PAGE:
Monday, August 09, 2010

Red Oil or Red Tide?

The spate of fish kills along the Florida, Alabama, Mississipi and Louisiana coast continue. Local officials raise the specter of red tides, while promising test results in a few days. Consider the data to date:

July 16 Gulf Shores, AL--water samples show toxicity at deadly levels per EPA testing.

July 18 Gulfport, MS--millions of dead menhaden wash up on Jones Beach. Test results, expected within several days, are not available after more than two weeks. Although the SunHerald ran a story, it did not include the promised test results.

August 4 Port Fourchon, LA--thousands of dead fish, Louisiana Department of Wildlife and Fish to investigate.

August 5 Port St. Joe, FL-Fish kill includes hundreds of flounder, sting rays, eels and other fish. Test results expected to take several days.

August 5 Pass Christian, MS-Massive dead fish on the beach and in the water, along with crabs and sting rays. A state administrator determined it was "not related to oil," despite a lack of test results on the Pass Christian kill.

August 6 Twelve miles off Gulfport, MS--two square miles of dead fish. No reports of testing.

August 9 Chandeleur Sound, LA--red tide/oil seen for miles and miles. Testing to occur tomorrow.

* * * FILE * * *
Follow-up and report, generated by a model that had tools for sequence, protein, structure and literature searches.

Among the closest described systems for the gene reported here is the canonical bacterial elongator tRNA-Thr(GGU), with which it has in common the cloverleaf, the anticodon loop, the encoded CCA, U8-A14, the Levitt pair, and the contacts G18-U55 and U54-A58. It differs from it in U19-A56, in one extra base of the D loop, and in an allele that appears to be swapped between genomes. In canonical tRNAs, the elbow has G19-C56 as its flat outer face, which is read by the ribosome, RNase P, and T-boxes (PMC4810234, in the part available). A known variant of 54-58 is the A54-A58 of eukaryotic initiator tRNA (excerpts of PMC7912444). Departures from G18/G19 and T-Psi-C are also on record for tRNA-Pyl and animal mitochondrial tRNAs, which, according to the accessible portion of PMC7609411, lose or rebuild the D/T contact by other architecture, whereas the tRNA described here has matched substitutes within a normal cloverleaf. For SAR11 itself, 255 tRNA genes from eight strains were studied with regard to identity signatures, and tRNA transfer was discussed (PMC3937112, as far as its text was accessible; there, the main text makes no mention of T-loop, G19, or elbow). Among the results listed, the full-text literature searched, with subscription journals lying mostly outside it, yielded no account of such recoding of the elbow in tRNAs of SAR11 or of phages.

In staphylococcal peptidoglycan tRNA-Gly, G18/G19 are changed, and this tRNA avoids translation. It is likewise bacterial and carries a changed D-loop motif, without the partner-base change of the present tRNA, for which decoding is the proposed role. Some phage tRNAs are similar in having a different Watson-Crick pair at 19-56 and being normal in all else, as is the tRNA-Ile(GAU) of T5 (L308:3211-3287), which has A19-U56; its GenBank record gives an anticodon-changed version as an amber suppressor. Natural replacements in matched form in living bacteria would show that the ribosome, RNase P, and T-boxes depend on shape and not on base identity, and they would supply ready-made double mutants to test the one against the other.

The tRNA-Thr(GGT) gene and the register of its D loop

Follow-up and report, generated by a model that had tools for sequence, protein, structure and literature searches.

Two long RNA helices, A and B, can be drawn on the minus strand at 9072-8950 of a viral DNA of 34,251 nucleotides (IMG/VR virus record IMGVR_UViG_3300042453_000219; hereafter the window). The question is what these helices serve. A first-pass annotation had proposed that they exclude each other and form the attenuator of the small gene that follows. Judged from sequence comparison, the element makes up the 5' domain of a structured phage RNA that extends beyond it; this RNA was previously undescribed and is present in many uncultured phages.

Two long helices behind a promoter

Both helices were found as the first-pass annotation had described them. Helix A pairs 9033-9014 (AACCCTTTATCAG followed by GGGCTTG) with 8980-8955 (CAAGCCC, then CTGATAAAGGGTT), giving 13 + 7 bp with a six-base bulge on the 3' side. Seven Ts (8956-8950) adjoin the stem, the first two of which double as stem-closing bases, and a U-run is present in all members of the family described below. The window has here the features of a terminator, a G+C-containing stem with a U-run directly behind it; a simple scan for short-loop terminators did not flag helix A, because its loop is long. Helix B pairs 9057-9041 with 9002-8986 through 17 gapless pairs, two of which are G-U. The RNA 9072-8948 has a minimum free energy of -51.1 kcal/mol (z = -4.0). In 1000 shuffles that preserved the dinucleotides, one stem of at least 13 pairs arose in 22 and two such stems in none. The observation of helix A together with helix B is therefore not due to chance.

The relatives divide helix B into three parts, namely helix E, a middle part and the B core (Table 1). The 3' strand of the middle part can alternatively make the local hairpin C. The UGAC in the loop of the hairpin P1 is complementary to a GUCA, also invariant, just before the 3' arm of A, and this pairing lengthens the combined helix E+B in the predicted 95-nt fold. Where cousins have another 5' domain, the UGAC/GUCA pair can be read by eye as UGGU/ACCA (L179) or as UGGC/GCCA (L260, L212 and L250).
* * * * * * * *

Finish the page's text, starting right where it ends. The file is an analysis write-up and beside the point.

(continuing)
The lack of truth telling applied to last week's Congressional testimony by government officials. The headline reads:

Experts: Oil Dispersants Not Much of a Threat to Gulf Critters
This would be true if the dispersant were being dumped away from the oil. When dispersant mixes with oil, the resulting mixture is a toxic as oil alone. That's deadly below 10 ppm. Tuna eggs perish at 1 ppm.

EPA's scientist couldn't give the basic facts on their toxicity study before Congress. Did the media dig into the study and fill in the gaps? No.

Take this statement by Senator Sheldon Whitehouse (D-RI) during the hearing:

The damage of the combined oil-dispersant mix is so great on the sample that you can't pick out of the damage any endocrine disruption, because the cell damage is so acute and so quick. There's nothing left to test for endocrine disruption.
The interchange occurs around the 1:07:40 mark of CSPAN's video.

Actual test results don't make Congressional testimony or follow up media reports. Why is that?

Update: Dahr Jamail did a story on the same theme, fish kills.

Update 9-15-10: Fish kill in Plaquemines Parrish. It is huge. Low oxygen in the water wouldn't kill a dolphin. Chemicals might.

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